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  • Author or Editor: D.D. Warncke x
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Abstract

Growth media used for growing containerized plants in greenhouses have changed greatly since the initiation of the Spurway test procedure (8). Well-aggregated field soils gradually gave way to mixtures of soil and manufactured coarse amendments and eventually to soilless growth media. Along with these changes in growth media composition came changes in physical and chemical properties—some desirable, some not so desirable. Field soils generally have a high-nutrient capacity value and a low-intensity factor. The level of the capacity factor has decreased as the change in growth media composition has taken place. Geraldson (1-3) developed an “intensity and balance” analysis system for the unique, sandy soils of Florida; soils that provide little buffering capacity. He found the concentration (intensity) and balance of nutrients in the soil solution to be important when the capacity factor was small. Similarly, the concentration and balance of nutrients in the solution phase of greenhouse growth media today have become important to plant growth and quality.

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Single-plant microplots of `Russet Norkotah' potatoes (Solanum tuberosum L.) were grown outdoors in a 5 × 5 factorial RCBD of indigenous phosphorous level (200, 325, 450, 575, 700 kg·ha-1 Bray-Kurtz Pl extractable; McBride sandy loam) and banded triple super phosphate (0, 50, 100, 150, 200 kg P2O5/ha). Disease in the low P soil that was used to create the four lower P soil blends completely confounds response of the plants across indigenous P levels and might have accentuated responses within levels. Plants responded to fertilizer P with tuber yield increases of 100, 70, 40, and 10 percent within the 200, 325, 450, and 575 indigenous P levels, respectively. Fertilizer P also increased marketable yield and tuber P concentration. Neither indigenous nor fertilizer P altered tuber specific gravity.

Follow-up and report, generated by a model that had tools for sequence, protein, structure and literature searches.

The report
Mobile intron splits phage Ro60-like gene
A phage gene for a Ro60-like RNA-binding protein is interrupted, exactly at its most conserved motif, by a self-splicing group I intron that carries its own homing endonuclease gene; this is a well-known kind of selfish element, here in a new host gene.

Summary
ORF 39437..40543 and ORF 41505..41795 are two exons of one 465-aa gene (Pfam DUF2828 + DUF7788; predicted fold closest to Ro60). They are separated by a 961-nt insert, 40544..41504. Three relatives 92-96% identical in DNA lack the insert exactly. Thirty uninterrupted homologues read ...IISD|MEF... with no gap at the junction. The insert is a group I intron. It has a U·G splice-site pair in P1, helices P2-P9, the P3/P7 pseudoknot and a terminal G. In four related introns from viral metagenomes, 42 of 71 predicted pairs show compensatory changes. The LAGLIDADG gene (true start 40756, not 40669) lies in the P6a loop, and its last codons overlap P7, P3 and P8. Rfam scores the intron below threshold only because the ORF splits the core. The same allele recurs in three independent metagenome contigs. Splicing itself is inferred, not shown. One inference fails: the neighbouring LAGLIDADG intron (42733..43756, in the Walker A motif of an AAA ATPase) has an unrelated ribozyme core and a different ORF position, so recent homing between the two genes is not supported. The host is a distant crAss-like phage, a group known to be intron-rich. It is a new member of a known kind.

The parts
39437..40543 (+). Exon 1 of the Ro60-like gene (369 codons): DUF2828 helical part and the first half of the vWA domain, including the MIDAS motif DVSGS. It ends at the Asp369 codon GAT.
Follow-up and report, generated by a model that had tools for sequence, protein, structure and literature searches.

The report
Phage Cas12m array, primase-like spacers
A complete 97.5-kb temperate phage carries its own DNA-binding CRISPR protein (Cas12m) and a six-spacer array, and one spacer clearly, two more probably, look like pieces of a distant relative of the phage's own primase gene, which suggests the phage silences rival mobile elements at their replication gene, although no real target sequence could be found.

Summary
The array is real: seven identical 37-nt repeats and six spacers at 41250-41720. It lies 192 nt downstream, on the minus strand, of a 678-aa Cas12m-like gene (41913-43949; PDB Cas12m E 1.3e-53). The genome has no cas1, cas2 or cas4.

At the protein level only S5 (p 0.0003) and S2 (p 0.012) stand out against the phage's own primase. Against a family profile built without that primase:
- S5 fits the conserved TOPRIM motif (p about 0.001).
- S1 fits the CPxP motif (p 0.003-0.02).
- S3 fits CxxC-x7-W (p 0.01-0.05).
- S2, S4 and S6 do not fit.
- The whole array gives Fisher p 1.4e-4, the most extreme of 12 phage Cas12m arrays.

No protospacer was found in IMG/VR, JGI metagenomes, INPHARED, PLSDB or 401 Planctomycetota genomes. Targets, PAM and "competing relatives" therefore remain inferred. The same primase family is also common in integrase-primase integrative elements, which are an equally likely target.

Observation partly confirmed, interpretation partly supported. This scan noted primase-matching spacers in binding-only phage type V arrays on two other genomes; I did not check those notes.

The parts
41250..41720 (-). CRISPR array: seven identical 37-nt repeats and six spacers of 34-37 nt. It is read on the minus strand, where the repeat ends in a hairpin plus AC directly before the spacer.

Companion studies compare the responses of corn (Zea mays L.) and potato to indigenous soil P levels and quantify P uptake among potato cultivars in solution culture.

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Six potato cultivars (Atlantic, Sebago, Onaway, Russet Burbank, Lemhi Russet,and Norland) were evaluated for phosphorus uptake efficiency in solution culture. Individual rooted cuttings of each cultivar were transferred from a standard 1/5 Hoagland's solution into solutions containing one of six P concentrations (0.05,0.1,0.22,0.5,1.1 and 2.3mg/l). After a 24h adjustment period P uptake was followed over a 6h period by collecting solution aliquots every two hours. All cultivars depleted the two lowest initial P concentrations to similar stable P concentration. The P uptake rate per unit length of root showed a sigmoidal relationship to the initial P solution concentration. The general nature of the P uptake relation to solution P concentration was similar among the cultivars, although the actual values varied. In general, P uptake rate increased from 5.0 × 10-4 at the lowest concentration to 7.0 × 10-2μg·cm-1·h-1 at the highest P solution concentration.

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Phosphorus applications can increase potato yields in Michigan soils with over 400 kg·ha-1 Bray-Kurtz P1 extractable P. Four potato cultivars (Onaway (On), Kennebec (Ke), Russet Norkotah (RN), and Snowden (Sn)) were planted on 7 May 1993 to study P fertilizer effects on root growth and development. Each plot received adequate N & K, and either 0 or 50 kg·ha-1 P. Two minirhizotrons (5 cm i.d.) were set 1.1 m deep at 45° to the soil surface into each plot. P treatment did not influence tuber yield. At 65 days after planting, root counts for On, RN and Sn averaged 72, 44 and 58%. respectively, of those in Ke plots. The P treatment did not significantly influence total root counts within or across cultivars on any of five sampling dates. More visible roots were produced in the first 0.4 m of soil by plants receiving P than by plants not receiving P. Below the first 0.4 m, plants not fertilized with P produced more visible roots than those receiving P.

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